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dc.contributor.advisorGroneman, Chris
dc.creatorCrowell, James Brittain
dc.description.abstract"Optimal" response surface design of order three are obtained for the full cubic polynomial response function. The designs are optimal in the sense that the generalized variance of the estimates of the coefficients is minimized in a convex region, R. In the optimization, R is the region defined by the inequalities -1<=xi<=1, i=1, 2, & k where k is equal to the number of factors in the response function. "Optimal" designs are also obtained for a cubic polynomial response function composed of the full quadratic plus the cubic terms of the form x3i, i=1, 2, & k. Although the main emphasis in the research is on the cubic function, a section concerned with the replication of saturated quadratic designs is also included. Specifically, the "optimal" six-point design for the full quadratic polynomial in two factors is replicated to form a twelve-point design, then this design is compared with the "optimal" twelve-point design. It is seen that, as indicated in similar studies by other authors, that the replicated designs compare favorably with the "optimal" twelve-point design. Although it is anticipated the designs optimized with respect to the generalized variance will usually b used non-sequentially, a section is included that illustrates a method of obtaining two-stage sequential designs. In order to obtain the "optimal" designs a computer program was written employing the basic algorithm of the gradient projection method for non-linear programming developed by J.B. Rosen. The convergence of the algorithm to either a global or a constrained global optimum is based on the assumption that the objective function is concave. Since the objective function for minimized the generalized variance is not concave, nor convex, global optimality cannot be claimed for the "optimal" designs. However, as Rosen points out, if the same optimum is obtained for a general non-linear objective function from many widely separated starting points it can be concluded that either a constrained or an interior local optimum has been found. Furthermore, using theory developed by Hartley and Pfaffenberger, confidence statements concerning the global maximum in mathematical programming can be obtained. Various authors have suggested other criteria for choosing response surface designs. Box and Draper suggested the minimization of the mean square error averaged over the region of interest. However, their implementation of the criterion is not consistent with the strategy which they advocate. Basically, their strategy is to add more experimental points and fit a higher order polynomial if the lack of fit is significant. The cause of this inconsistency is illustrated and discussed by means of example.en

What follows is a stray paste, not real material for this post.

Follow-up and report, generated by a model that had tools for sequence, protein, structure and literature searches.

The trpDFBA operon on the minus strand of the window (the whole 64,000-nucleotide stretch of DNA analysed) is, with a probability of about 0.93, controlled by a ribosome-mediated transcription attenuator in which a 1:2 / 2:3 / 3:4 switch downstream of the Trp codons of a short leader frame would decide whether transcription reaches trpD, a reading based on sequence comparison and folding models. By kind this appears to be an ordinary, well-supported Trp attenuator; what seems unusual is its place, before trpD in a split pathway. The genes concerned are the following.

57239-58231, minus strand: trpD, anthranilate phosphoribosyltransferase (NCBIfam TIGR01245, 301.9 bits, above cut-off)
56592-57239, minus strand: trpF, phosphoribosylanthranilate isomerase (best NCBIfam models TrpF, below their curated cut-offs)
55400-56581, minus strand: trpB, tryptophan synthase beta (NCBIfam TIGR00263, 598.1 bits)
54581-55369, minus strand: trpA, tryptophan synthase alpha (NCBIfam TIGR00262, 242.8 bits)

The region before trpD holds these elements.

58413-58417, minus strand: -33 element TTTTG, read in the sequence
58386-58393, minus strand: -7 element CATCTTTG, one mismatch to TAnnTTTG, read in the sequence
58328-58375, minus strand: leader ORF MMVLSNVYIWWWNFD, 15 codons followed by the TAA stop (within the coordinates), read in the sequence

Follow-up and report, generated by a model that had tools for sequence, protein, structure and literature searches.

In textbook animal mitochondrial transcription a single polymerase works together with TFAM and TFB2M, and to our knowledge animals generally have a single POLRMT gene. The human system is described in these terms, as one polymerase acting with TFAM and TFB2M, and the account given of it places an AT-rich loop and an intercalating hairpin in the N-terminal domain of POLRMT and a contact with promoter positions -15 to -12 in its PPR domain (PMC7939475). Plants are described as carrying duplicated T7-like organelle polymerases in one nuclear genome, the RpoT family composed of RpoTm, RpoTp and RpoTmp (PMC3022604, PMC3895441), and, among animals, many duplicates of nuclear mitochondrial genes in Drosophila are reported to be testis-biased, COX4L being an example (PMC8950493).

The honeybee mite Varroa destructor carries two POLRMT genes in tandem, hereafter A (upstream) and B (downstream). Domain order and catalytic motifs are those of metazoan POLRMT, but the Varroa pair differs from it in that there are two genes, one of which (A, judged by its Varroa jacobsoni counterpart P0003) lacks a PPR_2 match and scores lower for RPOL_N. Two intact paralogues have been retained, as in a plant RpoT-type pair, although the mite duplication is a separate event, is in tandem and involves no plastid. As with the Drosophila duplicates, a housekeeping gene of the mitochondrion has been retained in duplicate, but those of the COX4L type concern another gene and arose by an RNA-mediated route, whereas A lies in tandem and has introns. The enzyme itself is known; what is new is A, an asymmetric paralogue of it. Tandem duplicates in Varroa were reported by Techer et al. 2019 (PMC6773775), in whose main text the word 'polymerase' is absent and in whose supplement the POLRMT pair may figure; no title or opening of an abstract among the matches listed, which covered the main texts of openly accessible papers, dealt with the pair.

dc.format.extent94 leavesen
dc.rightsThis thesis was part of a retrospective digitization project authorized by the Texas A&M University Libraries. Copyright remains vested with the author(s). It is the user's responsibility to secure permission from the copyright holder(s) for re-use of the work beyond the provision of Fair Use.en
dc.subject.classification1971 Dissertation C953
dc.titleThe optimization of response surface designsen
dc.typeThesisen A&M Universityen of Philosophyen
dc.contributor.committeeMemberBarker, Donald G.
dc.contributor.committeeMemberCoVan, Jack
dc.contributor.committeeMemberDayhoff, E. E.
dc.contributor.committeeMemberGlazener, Everett
dc.contributor.committeeMemberHawkins, Leslie V.
dc.format.digitalOriginreformatted digitalen
dc.publisher.digitalTexas A&M University. Libraries

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